The integrated geo-location system is useful to map the emission contribution measured during the trips and provide detailed feedback to participants in a report presenting their results and a brief analysis of the consequences. Reports include : an exposure assessment for all modes of transport used; a mapping of black carbon concentrations for trips made with the cargo bike and equivalent mapping particularly for trips with motor vehicles but also other modes used during the test period; maps show participants the temporal evolution of concentrations over the different routes; graphs depicting all mean concentrations per transport mode/per day and similarly indoor concentrations for participants who continued to operate the device at home.
The experience of working with the volunteers proved quite challenging in the initial stages, so a first clear briefing was essential, but equally review and follow-up was recognised as necessary.
The delivery of new aethalometers was delayed by several weeks. This meant that Environment Brussels couldn’t mobilise participants from the first Municipality test and trial experience to contribute to the exposure study. Replacement devices from another Belgian institute were used to bridge the gap, but the combination of two different data sources (from replacement and then new devices) was problematical in terms of uniform interpretation.
Preparing people to use the device and explaining the requirements to operate and report correctly was complicated and time-consuming. Sometimes participants didn’t use the device at all, even though they had agreed to wear it and despite the information provided during the cargo bike pick-up meeting. Participants weren’t always rigorous in filling in their log book, sometimes recording very approximate timings. This meant extra revisiting by Environment Brussels to detect real trip times and avoid high imprecision creeping into the data. As the learning process has progressed however, we have noted that many participants are really interested in knowing about the concentrations they have inhaled during the test, the comparison between transport modes and for some the indoor home conditions. That has surely been positive in building willingness to contribute and to strive for accurate results.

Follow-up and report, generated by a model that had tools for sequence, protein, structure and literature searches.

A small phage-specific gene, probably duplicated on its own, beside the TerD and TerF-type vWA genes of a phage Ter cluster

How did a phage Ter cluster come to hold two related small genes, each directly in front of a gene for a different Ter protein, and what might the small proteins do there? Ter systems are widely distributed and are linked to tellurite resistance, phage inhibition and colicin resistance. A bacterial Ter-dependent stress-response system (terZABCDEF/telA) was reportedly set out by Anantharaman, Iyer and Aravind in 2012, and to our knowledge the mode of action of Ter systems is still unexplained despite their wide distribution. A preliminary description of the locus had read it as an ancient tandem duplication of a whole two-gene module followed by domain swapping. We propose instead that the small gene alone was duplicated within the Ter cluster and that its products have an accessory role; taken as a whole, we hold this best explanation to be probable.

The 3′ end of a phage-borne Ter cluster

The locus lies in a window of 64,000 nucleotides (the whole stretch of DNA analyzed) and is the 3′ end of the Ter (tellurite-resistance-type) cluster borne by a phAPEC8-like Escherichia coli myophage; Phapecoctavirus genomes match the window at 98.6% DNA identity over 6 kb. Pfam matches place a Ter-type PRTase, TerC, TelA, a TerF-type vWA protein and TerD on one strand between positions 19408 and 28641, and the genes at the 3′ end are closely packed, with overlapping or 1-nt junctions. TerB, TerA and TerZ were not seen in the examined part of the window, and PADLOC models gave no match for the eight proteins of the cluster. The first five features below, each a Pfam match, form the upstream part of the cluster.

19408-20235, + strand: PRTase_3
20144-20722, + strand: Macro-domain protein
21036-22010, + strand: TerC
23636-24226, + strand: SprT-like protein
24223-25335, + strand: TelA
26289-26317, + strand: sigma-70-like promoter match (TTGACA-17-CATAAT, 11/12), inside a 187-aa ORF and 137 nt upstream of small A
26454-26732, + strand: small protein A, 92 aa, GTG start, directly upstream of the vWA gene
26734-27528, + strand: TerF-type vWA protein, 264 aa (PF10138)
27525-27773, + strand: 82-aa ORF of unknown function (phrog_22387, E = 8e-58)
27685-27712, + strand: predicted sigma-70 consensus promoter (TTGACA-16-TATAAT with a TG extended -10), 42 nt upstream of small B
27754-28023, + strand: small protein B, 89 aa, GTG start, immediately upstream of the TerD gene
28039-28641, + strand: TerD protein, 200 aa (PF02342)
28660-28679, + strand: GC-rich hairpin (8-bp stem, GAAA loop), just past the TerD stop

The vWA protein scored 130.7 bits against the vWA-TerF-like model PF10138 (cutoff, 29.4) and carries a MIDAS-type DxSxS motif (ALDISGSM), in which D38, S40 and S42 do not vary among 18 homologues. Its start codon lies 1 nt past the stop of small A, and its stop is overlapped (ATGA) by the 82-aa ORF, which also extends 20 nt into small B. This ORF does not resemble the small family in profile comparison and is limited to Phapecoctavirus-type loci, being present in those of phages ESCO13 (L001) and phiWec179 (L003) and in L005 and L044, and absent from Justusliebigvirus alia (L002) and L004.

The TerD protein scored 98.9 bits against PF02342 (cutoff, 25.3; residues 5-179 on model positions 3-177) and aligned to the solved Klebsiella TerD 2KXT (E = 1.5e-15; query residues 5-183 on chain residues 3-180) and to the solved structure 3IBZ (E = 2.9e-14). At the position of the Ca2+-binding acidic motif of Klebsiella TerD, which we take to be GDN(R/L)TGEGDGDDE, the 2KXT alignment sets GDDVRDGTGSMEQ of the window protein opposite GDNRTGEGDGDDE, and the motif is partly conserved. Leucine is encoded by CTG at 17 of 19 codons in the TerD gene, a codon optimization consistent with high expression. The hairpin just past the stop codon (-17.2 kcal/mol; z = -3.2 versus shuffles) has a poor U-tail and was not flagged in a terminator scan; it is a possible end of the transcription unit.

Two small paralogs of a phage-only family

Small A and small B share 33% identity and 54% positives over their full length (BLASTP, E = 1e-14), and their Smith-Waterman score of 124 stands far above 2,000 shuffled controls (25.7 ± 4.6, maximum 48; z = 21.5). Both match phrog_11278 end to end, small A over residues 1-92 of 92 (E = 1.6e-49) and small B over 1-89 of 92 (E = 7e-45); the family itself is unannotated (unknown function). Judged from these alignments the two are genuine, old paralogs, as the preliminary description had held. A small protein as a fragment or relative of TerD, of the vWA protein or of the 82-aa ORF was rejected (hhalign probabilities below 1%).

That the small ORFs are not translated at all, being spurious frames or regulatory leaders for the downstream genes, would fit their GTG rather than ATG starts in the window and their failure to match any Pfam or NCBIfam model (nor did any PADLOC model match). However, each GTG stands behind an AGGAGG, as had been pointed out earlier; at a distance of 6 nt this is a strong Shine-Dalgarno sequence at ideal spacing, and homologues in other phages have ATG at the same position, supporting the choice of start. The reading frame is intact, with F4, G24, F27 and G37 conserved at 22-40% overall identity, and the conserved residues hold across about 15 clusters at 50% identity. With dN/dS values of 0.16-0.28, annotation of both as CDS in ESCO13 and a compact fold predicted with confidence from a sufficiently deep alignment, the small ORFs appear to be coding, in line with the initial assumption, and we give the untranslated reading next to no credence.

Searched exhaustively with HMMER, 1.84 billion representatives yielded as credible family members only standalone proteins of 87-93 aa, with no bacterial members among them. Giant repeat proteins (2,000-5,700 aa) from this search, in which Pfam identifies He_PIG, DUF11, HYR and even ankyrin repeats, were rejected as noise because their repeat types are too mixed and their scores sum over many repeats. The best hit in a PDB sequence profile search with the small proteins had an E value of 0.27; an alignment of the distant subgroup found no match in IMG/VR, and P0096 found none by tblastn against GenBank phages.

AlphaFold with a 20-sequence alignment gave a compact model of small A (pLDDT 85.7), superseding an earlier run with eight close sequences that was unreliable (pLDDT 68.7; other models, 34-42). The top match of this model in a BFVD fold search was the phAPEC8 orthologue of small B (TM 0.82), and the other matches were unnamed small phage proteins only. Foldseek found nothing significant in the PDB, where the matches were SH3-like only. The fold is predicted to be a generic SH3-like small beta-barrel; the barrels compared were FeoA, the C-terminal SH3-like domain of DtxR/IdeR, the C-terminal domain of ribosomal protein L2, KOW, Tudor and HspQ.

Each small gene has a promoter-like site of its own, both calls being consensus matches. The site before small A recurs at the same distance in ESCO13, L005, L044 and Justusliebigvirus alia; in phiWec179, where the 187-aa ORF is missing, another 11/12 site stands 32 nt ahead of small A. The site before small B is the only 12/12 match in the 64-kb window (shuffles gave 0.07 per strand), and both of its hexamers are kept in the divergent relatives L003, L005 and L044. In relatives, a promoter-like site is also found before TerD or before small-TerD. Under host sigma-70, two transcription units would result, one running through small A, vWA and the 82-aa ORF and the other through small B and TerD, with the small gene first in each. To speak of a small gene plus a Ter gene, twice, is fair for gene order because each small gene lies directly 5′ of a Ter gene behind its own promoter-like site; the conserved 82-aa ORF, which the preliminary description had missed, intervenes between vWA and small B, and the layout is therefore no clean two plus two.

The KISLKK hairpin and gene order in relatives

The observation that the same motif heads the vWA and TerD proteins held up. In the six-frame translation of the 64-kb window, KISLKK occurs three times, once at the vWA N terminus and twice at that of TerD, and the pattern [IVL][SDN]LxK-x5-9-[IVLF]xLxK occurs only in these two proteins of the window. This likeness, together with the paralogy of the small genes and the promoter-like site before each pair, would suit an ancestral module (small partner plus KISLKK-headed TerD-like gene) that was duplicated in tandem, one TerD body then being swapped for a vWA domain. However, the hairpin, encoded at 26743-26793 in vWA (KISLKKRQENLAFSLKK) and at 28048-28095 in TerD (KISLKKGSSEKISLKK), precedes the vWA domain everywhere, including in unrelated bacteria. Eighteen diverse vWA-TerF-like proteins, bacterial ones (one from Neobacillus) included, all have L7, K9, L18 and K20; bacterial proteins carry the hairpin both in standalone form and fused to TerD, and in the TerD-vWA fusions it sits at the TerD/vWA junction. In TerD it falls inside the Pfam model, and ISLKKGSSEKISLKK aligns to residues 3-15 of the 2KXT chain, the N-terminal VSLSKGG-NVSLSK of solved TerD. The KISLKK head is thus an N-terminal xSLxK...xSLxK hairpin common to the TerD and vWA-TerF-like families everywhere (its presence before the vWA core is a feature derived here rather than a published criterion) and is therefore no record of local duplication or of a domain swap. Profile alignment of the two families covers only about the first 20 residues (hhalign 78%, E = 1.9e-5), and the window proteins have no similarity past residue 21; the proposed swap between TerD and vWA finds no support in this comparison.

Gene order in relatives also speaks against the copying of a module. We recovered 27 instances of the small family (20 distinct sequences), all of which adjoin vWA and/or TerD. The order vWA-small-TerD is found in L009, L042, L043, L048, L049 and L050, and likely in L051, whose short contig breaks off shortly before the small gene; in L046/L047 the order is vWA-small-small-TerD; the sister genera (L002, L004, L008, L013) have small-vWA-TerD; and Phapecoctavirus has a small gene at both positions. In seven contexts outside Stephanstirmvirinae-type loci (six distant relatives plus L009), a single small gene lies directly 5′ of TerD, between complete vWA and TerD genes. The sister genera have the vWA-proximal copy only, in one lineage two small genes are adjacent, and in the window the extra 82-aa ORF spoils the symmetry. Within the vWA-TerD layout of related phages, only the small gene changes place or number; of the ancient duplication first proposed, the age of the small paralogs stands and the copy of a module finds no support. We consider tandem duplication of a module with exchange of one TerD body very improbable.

Mobilising the professionals group to participate has also proved more problematical than expected. The message seems to be that becoming familiar with the new transport mode and changing operational practice, costs enough time and effort without adding on any other requirements. In fact professionals actually need less information to be given, and in theory methodology is easier for the participants who are only confronted with the choice of either vehicle or cargo bike, and also don’t need to fill in a log book because of their programmed trips for work purposes.
Despite initial Covid impact in terms of material procurement and citizen participation, enthusiasm among volunteers has grown steadily and now some 79 people have used the aethalometers. Not all provided workable material, but this clearly demonstrates the level of engagement and interest generated among participants, to gather valuable trip exposure data and feed the knowledge.
Now that the measurements from participants is filtering in to the environmental study, Environment Brussels has focused essentially on the relation with device users, preparing their individual reports which are then sent to them. In conjunction the implementation of the programming code has been important to ensure quality of the data management and correct data encoding.
The figures 2, 3, 4, 5, and 6 are included in the individual reports distributed to participants. The graph below allows each participant to compare his/her data with mean concentrations (semi-transparent columns) that have been collected and processed since the beginning of the tests. The values that appear above the columns are related to the number of measures which have been taken into account. The next two graphs reveal daily concentrations with an analysis per transport mode and a focus on indoor air (this subject is a real concern expressed by citizens – which is extremely positive – and so information about indoor concentrations is reported back wherever possible).
Figure 6 : Example of a general mapping of all the different participants’ trips and the black carbon concentrations she / he measured during these travels
Figure 7 : Example of mapping focusing on one trip and the measured black carbon concentrations of it